“You know why” was the nuanced slogan of DIKO party MP candidate Fytos Constantinou who was running his election campaign in 2011. The catchphrase was simple and smart according to communication experts, as it was sending the message to all those who benefited from his presence in the Defence House committee during his previous term and would be inclined to vote for him again.
Some ridiculed him for being so plain but others, who know a thing or two about politics, thought he was articulating Cypriot political reality in the best way possible. Such a reality, of course, that has nothing to do with connecting views and positions of parties and voters based on political ideology and substance.
Was this detachment maybe due to a weird bug going around just before the crisis and subsequent bubble burst? Just recently, in late December, Paralimni mayor Theodoros Pirillis dispatched a formal letter to his party headquarters on Pindarou Street, notifying the leadership of his decision to leave DISY.
The whole thing boiled down to a disagreement over the appointment of Savvas Perdios as deputy minister of tourism. But the objections had nothing to do with politics, that is, they were not based on whether Perdios was qualified for the job, if he was a shoe-in because of his family name and connections within the hotel industry, or even for the fact that Perdios supported the Anastasiades presidential ticket.
In fact, the gripe had everything to do with the fact that some were being left out. And in this particular case it was about Pirillis’ own people, as he had said that the district of Famagusta “is out of the loop away from where decisions are made” and others will be “making decisions for us without our having a say in the matter.”
People were just looking to get favours and when this was not possible they would resort to threats of voter abstention or even voting against the system
These are rather odd reasons but should we perhaps take a closer look? The resignation from party membership was the result of pressure on the mayor from active groups in his jurisdiction, DISY voters who felt they were being elbowed and for this exact reason they were either flirting with ELAM or threatening to punish the government at the polls. Would he then sit around with his hands tied and watch his political weight take a hit?
It is doubtful whether the move managed to reassure those who reacted in Famagusta district, especially since one and a half months later DISY would have another fire to put out and once again without political underpinnings.
The stance taken during a recent football crisis by former DISY MP Andreas Michaelides, ex coach of Apollon football club and current president of Cyprus Sports Organization, was enough to cause a rift in DISY following a decision to punish Anorthosis football club.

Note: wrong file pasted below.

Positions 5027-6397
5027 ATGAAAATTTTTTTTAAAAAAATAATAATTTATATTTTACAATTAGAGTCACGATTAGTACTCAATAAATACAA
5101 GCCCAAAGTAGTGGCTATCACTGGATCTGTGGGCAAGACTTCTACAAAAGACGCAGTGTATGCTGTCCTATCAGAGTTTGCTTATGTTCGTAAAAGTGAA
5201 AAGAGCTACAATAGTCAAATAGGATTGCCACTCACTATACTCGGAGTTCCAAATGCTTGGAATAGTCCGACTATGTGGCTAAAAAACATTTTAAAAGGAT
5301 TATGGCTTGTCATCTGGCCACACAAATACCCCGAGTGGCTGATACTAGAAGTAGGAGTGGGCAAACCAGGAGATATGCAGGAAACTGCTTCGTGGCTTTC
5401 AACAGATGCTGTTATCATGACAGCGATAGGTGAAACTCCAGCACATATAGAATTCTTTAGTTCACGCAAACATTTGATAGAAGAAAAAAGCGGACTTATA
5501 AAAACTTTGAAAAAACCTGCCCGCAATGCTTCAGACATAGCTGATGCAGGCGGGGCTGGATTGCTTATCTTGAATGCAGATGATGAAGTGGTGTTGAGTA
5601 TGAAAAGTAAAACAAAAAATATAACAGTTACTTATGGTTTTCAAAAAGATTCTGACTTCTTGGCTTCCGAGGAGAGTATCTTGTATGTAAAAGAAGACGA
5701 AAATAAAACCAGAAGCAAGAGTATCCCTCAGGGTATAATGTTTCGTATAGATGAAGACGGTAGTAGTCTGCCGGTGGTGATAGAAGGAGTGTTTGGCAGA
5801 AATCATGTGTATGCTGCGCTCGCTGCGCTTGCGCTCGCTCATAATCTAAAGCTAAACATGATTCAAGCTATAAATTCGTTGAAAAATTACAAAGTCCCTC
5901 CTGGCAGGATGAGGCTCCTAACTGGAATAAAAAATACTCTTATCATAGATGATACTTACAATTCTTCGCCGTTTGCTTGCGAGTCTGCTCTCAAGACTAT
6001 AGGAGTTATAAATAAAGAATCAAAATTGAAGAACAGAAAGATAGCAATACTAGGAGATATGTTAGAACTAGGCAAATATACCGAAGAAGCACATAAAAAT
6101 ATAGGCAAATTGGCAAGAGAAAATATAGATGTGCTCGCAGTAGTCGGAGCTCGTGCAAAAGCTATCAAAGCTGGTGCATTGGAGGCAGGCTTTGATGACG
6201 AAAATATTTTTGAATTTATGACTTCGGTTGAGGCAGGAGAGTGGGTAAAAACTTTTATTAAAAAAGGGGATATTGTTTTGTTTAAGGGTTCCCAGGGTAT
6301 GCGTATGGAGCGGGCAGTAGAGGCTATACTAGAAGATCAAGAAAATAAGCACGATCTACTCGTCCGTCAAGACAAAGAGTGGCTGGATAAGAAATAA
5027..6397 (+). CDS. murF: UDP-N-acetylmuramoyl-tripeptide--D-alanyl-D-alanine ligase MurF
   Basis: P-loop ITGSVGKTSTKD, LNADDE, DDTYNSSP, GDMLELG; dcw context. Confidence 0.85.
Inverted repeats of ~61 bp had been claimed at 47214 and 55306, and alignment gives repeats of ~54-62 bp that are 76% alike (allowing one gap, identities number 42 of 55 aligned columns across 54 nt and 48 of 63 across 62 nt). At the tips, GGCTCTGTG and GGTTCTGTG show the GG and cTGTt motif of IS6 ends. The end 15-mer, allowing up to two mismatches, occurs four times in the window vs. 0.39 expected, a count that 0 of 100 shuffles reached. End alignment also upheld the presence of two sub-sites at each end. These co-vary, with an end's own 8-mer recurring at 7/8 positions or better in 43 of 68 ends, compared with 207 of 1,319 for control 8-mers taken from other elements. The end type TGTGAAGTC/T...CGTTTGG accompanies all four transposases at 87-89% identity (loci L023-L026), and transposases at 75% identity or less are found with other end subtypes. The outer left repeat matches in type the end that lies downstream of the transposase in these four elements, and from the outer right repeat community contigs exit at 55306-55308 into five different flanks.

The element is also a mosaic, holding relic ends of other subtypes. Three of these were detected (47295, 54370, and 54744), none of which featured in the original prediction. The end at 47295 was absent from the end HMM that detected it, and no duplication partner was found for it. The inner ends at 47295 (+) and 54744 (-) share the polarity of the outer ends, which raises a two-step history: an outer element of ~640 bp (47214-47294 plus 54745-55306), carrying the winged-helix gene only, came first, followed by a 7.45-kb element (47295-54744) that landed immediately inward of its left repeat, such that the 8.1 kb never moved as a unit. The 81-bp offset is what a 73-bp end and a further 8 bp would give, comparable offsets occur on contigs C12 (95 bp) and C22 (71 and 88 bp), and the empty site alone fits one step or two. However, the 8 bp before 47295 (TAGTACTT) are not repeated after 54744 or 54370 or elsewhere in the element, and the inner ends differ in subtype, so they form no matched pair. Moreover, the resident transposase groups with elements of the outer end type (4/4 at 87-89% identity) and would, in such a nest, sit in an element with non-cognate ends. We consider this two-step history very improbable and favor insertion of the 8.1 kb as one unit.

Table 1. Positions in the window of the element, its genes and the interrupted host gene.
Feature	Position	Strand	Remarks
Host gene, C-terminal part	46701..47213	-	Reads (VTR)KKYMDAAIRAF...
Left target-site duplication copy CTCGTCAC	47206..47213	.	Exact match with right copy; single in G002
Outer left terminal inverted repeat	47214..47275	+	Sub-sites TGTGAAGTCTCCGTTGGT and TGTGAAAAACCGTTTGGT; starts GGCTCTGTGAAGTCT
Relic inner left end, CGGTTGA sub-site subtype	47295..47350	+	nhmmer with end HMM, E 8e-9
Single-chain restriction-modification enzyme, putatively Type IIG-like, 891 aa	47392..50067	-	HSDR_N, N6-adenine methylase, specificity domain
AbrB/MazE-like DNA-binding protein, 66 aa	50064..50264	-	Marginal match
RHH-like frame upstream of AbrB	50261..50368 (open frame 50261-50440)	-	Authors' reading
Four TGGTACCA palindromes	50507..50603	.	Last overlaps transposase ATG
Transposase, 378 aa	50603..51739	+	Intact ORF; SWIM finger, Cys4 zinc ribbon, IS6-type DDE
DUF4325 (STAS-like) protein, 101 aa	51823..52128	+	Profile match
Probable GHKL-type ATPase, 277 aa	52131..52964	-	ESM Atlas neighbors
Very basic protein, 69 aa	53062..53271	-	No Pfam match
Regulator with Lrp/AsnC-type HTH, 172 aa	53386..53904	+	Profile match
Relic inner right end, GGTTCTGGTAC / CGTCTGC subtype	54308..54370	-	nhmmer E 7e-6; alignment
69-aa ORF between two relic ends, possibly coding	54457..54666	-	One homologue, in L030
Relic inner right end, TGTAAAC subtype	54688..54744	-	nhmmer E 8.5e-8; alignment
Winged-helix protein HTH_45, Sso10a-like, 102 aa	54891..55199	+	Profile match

This was such a breach that reignited threats over blacklisting party candidates and switching votes over to ELAM. After all, it was not by accident that local DISY in Famagusta scrambled to show support for Anorthosis in a desperate effort to diffuse the situation and try to stop voter switching just before the upcoming elections.
It is clear that DISY won’t be able to close the ELAM chapter without hurting, as the ruling party itself is not without blame. Of course, one shouldn’t add insult to injury as the saying goes and this is precisely the reason why AKEL is monitoring the situation with silent guilt. After all, memories are still fresh of organised Omonia football fans marching towards party headquarters to demand that the club’s weaning take place.
Fresh are also the wounds of division within the team, with a split constantly being on the minds of AKEL operatives and what impact it might have on the party.
Against the system on the rise
This pretty much sums up why people ought not to be shocked as those against the system are on the rise. That is, ELAM will be content even with coming in third place because an entire society never cultivated a political ideology foundation that would allow people to connect their votes to their beliefs. People were just looking to get favours and when this was not possible they would resort to threats of voter abstention or even voting against the system.
Of course, this is the doing of political parties themselves that have been giving out favours all these years. In an era where footballisation, political favours, and wobbly policies have been serving everyone, what would have been the reason for them to take on the big and important issues? What incentive would they have for educating their constituents?
But today? Today we have no right to be shocked when we see the alt right being bolstered in front of our eyes. That’s because you and I know the reasons that led things to a culture filled with underclass politics and the underclass vote.
The article was first published by Kathimerini Cyprus on 3 March 2019